De Blasio bans NYC from buying single-use plastics

Mayor Bill de Blasio announces a ban on city purchases of single-use plastics at a news conference on Thursday at the SIMS Recycling facility in Brooklyn.
Mayor Bill de Blasio announces a ban on city purchases of single-use plastics at a news conference on Thursday at the SIMS Recycling facility in Brooklyn. Photo Credit: NYC Pride

The city will no longer purchase 1.1 million pounds of single-use plastics for its agencies, Mayor Bill de Blasio announced Thursday.

De Blasio also said he will back a City Council bill that would ban single-use plastic foodware in private restaurants and establishments.

“Today we say no to plastics, we say no to fossil fuels,” he said during a news conference at the Sims Municipal Recycling facility in Brooklyn.

De Blasio signed an executive order telling city agencies to immediately slash the use of and not sign any new contracts to purchase disposable plastic cups, forks, plates and other items.

“I’m talking about a whole variety of things we got used to relying on but don’t need anymore,” de Blasio said. “All those things we have alternatives for. City agencies will shift to compostable or reusable by the end of 2019.”

The city spends about $1 million a year on single-use plastics, according to Lisette Camillo, commissioner of the Department of Citywide Administrative Services. Moving to alternatives will cost more, but Camillo said she did not know the exact amount.

De Blasio made a point of saying there will be exceptions for medical reasons. People with disabilities, who often rely on plastic straws, will have unlimited access to any single-use item they need.

Last year, members of the disabled community slammed the City Council for not consulting with them before introducing legislation to ban city eateries from using disposable plastic straws.

“People with disabilities are environmentalists too,” said Victor Calise, commissioner of the Mayor’s Office for People with Disabilities. “We help the Earth as much as we can but the reality is some people cannot use currently available alternatives. They need plastic straws and food ware.”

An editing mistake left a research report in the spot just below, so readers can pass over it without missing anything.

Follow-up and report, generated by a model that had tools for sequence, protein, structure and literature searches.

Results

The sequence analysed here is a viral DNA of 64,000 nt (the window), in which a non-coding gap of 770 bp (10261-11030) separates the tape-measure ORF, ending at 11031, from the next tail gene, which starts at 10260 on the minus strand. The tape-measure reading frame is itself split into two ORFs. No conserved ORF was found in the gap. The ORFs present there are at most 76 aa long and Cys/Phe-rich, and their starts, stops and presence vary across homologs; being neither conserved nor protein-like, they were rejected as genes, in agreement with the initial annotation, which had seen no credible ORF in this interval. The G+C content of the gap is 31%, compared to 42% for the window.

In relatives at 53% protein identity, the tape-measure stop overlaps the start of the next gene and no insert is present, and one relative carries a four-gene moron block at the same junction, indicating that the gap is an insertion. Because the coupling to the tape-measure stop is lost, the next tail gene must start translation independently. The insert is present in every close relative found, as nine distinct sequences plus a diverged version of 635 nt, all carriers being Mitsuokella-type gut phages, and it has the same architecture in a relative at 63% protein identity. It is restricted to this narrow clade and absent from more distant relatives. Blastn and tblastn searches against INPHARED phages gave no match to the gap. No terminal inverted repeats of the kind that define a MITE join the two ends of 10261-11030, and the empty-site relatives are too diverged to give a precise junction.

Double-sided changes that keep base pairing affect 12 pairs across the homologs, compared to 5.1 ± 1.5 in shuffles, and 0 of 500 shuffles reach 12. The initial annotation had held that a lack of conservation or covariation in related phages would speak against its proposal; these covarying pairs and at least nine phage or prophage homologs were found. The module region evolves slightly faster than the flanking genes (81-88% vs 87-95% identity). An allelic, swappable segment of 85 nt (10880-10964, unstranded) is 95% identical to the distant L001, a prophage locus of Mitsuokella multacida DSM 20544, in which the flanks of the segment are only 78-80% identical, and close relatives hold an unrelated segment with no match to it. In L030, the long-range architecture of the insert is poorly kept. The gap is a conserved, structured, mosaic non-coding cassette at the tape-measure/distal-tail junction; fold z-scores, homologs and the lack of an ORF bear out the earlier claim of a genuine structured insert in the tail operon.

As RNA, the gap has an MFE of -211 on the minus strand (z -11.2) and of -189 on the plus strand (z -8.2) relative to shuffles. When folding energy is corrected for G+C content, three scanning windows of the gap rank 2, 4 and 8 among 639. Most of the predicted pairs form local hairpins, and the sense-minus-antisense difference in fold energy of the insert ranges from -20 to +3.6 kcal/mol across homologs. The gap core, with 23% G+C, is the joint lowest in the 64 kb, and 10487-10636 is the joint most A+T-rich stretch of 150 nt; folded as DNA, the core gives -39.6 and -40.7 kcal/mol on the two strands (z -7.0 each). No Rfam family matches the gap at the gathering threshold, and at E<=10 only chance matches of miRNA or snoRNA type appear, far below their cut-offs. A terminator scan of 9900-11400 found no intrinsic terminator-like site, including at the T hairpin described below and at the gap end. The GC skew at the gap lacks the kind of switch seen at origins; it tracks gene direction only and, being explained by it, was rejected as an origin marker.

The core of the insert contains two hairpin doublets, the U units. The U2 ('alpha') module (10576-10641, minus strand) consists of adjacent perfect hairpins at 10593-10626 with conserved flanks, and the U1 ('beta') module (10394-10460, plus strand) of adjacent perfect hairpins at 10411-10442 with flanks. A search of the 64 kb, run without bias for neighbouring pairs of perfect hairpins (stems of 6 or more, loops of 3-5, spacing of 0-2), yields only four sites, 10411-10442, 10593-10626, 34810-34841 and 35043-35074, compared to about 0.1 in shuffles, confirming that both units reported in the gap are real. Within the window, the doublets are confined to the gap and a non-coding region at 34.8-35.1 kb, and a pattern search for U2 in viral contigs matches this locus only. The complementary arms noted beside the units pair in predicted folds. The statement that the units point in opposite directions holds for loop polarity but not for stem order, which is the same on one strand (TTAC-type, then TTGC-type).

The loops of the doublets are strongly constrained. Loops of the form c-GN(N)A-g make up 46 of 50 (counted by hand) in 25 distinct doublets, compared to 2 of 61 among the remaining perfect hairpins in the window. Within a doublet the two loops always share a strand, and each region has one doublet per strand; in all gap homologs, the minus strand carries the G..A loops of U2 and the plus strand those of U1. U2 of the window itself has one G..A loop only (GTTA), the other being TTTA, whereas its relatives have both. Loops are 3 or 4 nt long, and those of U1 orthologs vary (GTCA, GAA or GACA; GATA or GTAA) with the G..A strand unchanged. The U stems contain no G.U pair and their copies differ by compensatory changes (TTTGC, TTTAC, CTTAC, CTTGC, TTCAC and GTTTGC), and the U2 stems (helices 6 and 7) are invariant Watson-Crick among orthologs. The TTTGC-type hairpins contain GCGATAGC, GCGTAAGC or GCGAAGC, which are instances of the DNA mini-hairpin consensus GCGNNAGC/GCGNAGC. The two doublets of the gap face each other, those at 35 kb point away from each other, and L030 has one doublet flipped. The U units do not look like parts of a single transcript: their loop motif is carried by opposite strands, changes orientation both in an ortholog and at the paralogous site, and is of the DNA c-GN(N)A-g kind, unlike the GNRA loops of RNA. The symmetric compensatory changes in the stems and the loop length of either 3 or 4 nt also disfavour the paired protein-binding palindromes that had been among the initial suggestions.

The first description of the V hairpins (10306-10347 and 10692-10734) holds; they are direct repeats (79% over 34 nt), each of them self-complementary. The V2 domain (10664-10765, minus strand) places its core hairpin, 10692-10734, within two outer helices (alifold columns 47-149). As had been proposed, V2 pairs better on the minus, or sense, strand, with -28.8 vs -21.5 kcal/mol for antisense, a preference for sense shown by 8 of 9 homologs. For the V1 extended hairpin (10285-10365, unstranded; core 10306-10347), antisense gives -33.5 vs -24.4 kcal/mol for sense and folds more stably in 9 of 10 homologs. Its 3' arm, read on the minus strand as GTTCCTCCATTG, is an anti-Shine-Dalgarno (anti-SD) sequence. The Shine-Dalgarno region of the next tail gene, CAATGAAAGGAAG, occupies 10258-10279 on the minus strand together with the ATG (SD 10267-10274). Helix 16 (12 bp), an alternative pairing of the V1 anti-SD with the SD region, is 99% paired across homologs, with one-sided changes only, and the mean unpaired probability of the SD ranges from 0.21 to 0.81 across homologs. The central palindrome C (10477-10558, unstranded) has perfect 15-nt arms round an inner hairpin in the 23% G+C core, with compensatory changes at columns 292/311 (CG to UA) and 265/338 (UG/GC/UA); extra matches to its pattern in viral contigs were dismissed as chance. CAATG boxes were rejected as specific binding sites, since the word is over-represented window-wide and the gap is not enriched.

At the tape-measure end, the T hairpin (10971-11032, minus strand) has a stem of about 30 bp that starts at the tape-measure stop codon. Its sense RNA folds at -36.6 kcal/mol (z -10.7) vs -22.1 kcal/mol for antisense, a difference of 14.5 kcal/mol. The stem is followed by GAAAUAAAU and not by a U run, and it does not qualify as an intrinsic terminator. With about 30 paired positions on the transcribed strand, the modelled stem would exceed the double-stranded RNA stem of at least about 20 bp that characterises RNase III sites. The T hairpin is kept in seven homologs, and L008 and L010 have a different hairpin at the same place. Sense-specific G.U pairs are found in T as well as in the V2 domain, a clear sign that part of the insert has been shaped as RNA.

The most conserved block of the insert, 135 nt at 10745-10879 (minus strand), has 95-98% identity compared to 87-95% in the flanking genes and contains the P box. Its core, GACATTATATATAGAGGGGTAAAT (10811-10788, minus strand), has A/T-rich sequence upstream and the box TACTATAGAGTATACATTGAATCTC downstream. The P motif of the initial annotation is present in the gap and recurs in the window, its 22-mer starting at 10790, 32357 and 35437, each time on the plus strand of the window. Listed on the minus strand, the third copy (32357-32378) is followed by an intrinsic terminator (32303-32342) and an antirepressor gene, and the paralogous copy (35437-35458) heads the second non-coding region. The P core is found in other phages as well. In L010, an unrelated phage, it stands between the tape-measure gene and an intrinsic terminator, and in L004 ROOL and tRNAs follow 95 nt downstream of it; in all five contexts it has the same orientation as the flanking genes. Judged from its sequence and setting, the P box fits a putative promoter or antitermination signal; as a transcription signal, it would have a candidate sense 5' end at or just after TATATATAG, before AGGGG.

De Blasio said Thursday’s announcements were part of the city’s larger plan to battle climate change and reduce carbon emissions by at least 80% by 2050.

The growing impact of plastic pollution in the environment — and especially in the waterways — has also sparked municipalities around the city and the globe to take measures that ban the use of plastic straws and other single-use foodware.

Officials said they expect to slash the agencies’ use of these plastics by 95%, thereby reducing the city’s carbon emissions by about 500 tons a year.

“By ending our reliance on these items, we will remove 1.1 million pounds of plastic from landfills,” said Daniel Zarrilli, senior director of Climate Policy and Programs for the city and coordinator of the city’s OneNYC program. “Not only that, by tackling the unnecessary single-use plastics in our lives, we will reduce those carbon emissions, cut down on the plastic pollution that litters our streets, clogs our waterways, and spoils our oceans and marine life.”

The city’s Department of Sanitation collects about 36 million pounds of single-use plastics from homes across the five boroughs. Officials estimate tens of millions more are picked up from commercial establishments.

City agencies have 120 days to come up with a plan to reduce the use of single-use plastics. The ban is expected to fully be implemented by the end of the year.

Earlier this year, the city’s ban on foam containers went into effect, making it illegal for eateries, food carts and other places to use expanded polystyrene cups, plates, trays and clamshell containers.

NYC purchases about 1.1 million pounds of single use plastics every year for city government use

The DSNY picks up about 36 million pounds of single use plastics from NYC households each year

New York City’s carbon emissions will be reduced by about 500 tons per year if the city municipal agencies stop purchasing and using single-use plastics